I laid my hands on her head and proceeded to "bless" her that the problem with which she was dealing would not go away in this lifetime - that she would struggle with it until the day she died. I had no intention whatsoever of saying that, but the words came out without any hesitancy. They just flowed out of my mouth. I then heard myself tell her that God was aware of her struggles, that the Atonement had paid the price of her pain and that the joy she would feel in the next life would FAR exceed the pain she felt in the here and now - that the joy would be so much greater that it would seem like the pain had never existed.

It was an experience I treasured - an amazing moment when I felt the heavens open and knew that I literally was acting as the mouthpiece of God for that woman. It was humbling and gratifying and I still remember the awe I felt as I left her house.

Years later, after we had moved away from that area, we returned on a short vacation, and I had the opportunity to talk with this woman and her husband. Out of the blue, she told me that blessing had been devastating to her - and that she still couldn't understand (after perhaps ten years) how I could "bless" her to suffer her entire life. I responded by mentioning the last half of the blessing and how I had been moved almost to tears by the expression of love and compassion and understanding from God I had felt as I spoke those words. He response floored me. She said, as nearly as I can remember:
I was so shocked by the first part that I tuned out and didn't listen to the last part. I couldn't bring myself to hear more of what seemed like a curse to me, so I quit listening altogether.


I found out then that her "problem" for which she had wanted a blessing was depression-related. For someone struggling with depression, the blessing that was given through me was perfect - if she had heard it all and felt the absolute love and understanding I felt as I spoke. However, since she tuned out the last half of the message, for ten years she had carried in her heart the pain of thinking that God, through me, had cursed her - that he didn't care enough about her to heal her in this life. She had been mad at me and God all that time, and it wasn't until I related my own perception of the event that she began to let go of that anger.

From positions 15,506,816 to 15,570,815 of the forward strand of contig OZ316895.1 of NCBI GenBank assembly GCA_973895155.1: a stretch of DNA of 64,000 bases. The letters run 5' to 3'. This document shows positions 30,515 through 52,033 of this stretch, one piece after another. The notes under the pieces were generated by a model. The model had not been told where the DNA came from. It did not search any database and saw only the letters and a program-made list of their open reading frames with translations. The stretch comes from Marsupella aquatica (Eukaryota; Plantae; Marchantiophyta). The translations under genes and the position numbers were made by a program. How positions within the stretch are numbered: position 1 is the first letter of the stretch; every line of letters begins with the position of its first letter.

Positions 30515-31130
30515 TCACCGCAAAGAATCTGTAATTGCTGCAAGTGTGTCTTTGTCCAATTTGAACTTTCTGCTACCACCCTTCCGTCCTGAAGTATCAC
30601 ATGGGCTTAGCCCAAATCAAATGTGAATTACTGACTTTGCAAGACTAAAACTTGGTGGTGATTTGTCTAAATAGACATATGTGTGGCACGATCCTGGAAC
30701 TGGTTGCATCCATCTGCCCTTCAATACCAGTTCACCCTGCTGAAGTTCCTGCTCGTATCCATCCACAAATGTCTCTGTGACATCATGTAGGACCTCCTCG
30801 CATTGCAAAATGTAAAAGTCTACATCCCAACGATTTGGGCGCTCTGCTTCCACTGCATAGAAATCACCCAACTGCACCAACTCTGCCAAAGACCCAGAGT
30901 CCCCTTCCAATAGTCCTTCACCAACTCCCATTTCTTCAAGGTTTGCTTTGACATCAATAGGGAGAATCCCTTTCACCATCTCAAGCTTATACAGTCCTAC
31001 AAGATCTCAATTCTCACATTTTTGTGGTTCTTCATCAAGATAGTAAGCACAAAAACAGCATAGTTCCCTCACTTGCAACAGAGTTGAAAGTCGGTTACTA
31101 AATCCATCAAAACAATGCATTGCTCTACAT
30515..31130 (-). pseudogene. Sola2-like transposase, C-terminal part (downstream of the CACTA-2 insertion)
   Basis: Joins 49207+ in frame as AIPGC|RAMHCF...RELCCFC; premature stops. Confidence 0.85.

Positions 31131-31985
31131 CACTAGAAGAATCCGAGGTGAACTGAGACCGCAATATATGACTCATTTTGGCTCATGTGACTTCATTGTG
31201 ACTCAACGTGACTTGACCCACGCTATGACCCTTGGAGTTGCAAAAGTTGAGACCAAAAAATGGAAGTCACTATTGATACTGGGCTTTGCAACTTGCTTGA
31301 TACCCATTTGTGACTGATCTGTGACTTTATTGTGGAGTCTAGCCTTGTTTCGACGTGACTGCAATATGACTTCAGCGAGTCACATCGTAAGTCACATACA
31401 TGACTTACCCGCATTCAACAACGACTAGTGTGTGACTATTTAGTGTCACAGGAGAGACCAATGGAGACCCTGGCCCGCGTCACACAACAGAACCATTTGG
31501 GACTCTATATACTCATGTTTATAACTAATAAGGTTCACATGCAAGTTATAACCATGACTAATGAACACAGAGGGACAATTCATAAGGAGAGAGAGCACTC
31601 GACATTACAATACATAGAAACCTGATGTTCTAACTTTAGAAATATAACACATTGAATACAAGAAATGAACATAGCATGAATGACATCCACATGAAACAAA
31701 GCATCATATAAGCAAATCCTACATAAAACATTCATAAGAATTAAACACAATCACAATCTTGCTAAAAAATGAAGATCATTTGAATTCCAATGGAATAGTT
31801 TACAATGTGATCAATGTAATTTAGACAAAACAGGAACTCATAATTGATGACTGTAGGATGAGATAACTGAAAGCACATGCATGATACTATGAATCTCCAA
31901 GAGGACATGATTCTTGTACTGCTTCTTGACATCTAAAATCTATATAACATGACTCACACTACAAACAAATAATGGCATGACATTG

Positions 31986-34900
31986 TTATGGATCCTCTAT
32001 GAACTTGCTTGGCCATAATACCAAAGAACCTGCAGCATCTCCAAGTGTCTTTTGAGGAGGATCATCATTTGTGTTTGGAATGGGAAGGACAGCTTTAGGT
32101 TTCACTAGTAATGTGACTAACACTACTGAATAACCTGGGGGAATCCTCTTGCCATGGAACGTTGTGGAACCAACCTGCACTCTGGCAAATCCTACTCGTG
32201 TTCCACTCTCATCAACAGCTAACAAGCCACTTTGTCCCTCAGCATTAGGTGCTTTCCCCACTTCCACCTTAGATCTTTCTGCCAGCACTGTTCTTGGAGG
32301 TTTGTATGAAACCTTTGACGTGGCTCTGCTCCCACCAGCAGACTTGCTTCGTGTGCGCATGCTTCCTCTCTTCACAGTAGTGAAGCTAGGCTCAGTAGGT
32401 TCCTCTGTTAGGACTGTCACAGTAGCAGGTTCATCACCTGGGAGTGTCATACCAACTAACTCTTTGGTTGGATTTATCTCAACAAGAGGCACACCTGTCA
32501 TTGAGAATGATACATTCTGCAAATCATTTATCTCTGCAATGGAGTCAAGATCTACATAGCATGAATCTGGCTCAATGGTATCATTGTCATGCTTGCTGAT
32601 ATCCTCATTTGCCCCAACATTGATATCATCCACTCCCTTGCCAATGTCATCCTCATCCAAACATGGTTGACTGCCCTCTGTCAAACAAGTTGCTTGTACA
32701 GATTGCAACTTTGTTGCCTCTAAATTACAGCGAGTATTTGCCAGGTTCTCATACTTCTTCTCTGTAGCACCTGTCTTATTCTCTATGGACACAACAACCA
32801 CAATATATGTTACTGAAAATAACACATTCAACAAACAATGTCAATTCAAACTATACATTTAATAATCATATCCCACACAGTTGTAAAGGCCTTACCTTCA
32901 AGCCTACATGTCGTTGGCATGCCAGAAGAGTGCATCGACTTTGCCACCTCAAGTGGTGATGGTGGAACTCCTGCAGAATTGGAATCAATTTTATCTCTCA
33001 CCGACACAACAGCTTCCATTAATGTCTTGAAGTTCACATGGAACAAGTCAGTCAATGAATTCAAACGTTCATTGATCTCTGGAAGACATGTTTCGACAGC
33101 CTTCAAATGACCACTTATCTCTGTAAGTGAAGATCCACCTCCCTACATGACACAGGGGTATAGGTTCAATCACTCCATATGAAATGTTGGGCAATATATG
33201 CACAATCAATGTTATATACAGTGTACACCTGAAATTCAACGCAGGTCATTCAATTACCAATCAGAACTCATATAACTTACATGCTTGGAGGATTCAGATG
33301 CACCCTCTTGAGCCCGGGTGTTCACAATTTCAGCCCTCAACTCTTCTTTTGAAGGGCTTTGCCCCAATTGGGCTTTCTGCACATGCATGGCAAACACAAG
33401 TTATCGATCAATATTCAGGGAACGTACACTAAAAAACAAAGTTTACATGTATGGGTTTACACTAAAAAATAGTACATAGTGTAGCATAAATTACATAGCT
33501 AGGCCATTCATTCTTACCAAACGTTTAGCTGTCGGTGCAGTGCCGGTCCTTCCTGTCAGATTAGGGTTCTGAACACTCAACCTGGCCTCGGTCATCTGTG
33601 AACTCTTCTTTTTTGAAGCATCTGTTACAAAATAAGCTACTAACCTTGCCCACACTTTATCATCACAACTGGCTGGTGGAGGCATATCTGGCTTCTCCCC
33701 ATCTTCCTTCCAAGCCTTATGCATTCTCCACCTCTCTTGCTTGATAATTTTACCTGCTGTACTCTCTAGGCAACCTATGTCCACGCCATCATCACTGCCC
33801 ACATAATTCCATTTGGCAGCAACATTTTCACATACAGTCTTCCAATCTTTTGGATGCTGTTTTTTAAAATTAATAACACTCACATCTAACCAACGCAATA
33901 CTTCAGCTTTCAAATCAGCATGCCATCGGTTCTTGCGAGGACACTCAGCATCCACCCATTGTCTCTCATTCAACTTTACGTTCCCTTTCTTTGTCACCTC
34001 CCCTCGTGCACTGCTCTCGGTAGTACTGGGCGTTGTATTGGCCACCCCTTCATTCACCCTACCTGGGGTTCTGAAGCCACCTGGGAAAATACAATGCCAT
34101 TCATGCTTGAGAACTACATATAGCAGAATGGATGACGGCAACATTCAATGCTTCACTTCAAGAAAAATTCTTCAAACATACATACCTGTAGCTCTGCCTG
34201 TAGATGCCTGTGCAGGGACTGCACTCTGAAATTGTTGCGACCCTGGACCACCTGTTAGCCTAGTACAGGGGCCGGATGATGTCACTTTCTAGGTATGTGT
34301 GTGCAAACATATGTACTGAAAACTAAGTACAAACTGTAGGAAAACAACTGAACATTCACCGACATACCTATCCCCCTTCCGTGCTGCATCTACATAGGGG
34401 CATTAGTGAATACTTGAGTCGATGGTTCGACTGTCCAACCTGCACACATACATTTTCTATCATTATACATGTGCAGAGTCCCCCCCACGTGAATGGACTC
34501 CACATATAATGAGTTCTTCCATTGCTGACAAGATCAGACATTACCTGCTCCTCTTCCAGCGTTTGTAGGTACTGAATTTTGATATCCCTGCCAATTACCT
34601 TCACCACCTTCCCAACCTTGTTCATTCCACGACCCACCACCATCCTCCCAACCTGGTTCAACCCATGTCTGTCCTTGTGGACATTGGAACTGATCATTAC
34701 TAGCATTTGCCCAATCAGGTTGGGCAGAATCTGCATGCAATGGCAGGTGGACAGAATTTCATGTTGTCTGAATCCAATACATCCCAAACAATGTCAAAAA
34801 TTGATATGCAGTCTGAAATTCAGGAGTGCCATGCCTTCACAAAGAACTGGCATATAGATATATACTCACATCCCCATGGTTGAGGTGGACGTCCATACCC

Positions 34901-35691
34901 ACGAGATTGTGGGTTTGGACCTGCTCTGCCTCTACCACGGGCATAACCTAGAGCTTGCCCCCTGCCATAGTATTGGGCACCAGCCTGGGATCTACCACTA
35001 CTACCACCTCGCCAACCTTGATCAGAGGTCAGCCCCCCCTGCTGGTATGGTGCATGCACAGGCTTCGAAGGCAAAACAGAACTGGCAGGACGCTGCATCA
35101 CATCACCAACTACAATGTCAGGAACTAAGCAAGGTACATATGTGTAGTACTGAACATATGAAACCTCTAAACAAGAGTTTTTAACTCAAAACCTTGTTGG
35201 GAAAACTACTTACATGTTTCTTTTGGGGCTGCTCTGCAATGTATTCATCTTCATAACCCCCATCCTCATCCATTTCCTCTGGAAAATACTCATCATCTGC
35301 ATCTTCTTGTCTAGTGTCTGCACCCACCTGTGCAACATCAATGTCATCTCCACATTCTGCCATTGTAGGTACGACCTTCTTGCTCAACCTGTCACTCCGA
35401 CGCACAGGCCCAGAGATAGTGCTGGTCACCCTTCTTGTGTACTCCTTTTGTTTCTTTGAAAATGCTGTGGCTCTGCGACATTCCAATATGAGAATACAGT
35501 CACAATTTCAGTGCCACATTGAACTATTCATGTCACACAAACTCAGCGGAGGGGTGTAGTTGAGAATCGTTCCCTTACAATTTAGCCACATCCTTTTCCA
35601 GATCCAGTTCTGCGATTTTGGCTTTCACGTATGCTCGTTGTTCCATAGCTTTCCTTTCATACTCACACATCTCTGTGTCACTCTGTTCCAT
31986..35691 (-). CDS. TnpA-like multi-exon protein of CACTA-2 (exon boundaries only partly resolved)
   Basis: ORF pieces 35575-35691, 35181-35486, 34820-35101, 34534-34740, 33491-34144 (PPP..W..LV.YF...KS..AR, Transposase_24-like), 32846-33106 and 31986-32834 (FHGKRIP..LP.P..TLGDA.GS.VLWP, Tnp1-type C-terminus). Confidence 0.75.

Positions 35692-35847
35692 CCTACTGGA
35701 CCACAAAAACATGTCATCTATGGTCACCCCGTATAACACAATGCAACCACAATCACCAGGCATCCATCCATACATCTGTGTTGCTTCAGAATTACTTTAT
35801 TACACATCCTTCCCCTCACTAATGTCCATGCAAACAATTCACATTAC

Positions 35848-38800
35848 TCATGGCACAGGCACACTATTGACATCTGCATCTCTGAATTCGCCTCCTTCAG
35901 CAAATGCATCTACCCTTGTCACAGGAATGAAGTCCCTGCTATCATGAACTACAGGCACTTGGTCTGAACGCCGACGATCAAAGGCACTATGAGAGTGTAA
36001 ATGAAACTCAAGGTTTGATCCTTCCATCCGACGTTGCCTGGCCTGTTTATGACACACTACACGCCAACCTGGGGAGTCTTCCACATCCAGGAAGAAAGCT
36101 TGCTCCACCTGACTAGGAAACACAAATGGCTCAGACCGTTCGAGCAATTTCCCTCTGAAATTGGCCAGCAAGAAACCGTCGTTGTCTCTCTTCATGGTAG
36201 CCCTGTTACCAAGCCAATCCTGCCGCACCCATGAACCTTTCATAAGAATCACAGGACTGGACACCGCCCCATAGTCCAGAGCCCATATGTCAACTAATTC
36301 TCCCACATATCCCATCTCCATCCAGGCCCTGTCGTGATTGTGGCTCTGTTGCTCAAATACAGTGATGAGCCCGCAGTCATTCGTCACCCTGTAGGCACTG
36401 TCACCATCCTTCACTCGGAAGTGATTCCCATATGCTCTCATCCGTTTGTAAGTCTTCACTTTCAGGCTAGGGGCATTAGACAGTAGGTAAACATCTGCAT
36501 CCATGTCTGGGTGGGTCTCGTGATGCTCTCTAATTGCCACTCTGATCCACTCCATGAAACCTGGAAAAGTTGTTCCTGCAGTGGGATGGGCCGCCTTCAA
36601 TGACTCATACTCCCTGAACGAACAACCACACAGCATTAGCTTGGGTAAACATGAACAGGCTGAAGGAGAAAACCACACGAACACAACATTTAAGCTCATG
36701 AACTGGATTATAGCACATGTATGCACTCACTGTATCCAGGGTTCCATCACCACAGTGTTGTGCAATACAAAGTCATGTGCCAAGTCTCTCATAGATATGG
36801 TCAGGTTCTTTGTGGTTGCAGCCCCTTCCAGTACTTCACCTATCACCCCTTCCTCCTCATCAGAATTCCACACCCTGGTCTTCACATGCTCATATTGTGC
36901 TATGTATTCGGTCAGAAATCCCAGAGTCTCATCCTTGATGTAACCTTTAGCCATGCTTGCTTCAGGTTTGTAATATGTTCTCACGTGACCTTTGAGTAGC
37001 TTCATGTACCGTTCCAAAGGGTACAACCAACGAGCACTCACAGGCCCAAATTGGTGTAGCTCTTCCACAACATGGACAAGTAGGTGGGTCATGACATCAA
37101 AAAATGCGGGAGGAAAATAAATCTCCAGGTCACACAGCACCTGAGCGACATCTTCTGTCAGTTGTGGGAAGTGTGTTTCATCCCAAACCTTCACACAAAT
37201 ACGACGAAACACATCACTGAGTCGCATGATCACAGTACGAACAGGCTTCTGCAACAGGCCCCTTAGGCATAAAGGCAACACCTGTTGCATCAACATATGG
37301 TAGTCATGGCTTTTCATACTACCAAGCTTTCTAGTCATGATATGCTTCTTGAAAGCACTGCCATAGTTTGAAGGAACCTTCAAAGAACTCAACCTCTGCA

Why do I share that with you? I really don't know - except to say that it popped into my mind as I read your post. I've just spent time typing "maybe it's because . . ." scenarios and deleting them. I'm not going to try to explain or guess why. I'll leave that to you. I do think, however, that there is a lesson in there for you - but I can't give it to you, just like I couldn't give this woman what I experienced as I spoke the words of that blessing.

I believe the anger will go away whenever you stop focusing on it and recognize/acknowledge that the blessings you have been given are greater than the trials you have to face - that the loveis greater than the pain - that there is a second part of your story and that it's more important than the first part.

I hope that helps somehow.
I see through my glass, darkly - as I play my saxophone in harmony with the other instruments in God's orchestra. (h/t Elder Joseph Wirthlin)

Even if people view many things differently, the core Gospel principles (LOVE; belief in the unseen but hoped; self-reflective change; symbolic cleansing; striving to recognize the will of the divine; never giving up) are universal.

"For every complex problem there is an answer that is clear, simple, and wrong." H. L. Mencken

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SilentDawning
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Re: When does the anger go away?

Post by SilentDawning » 31 May 2010, 10:21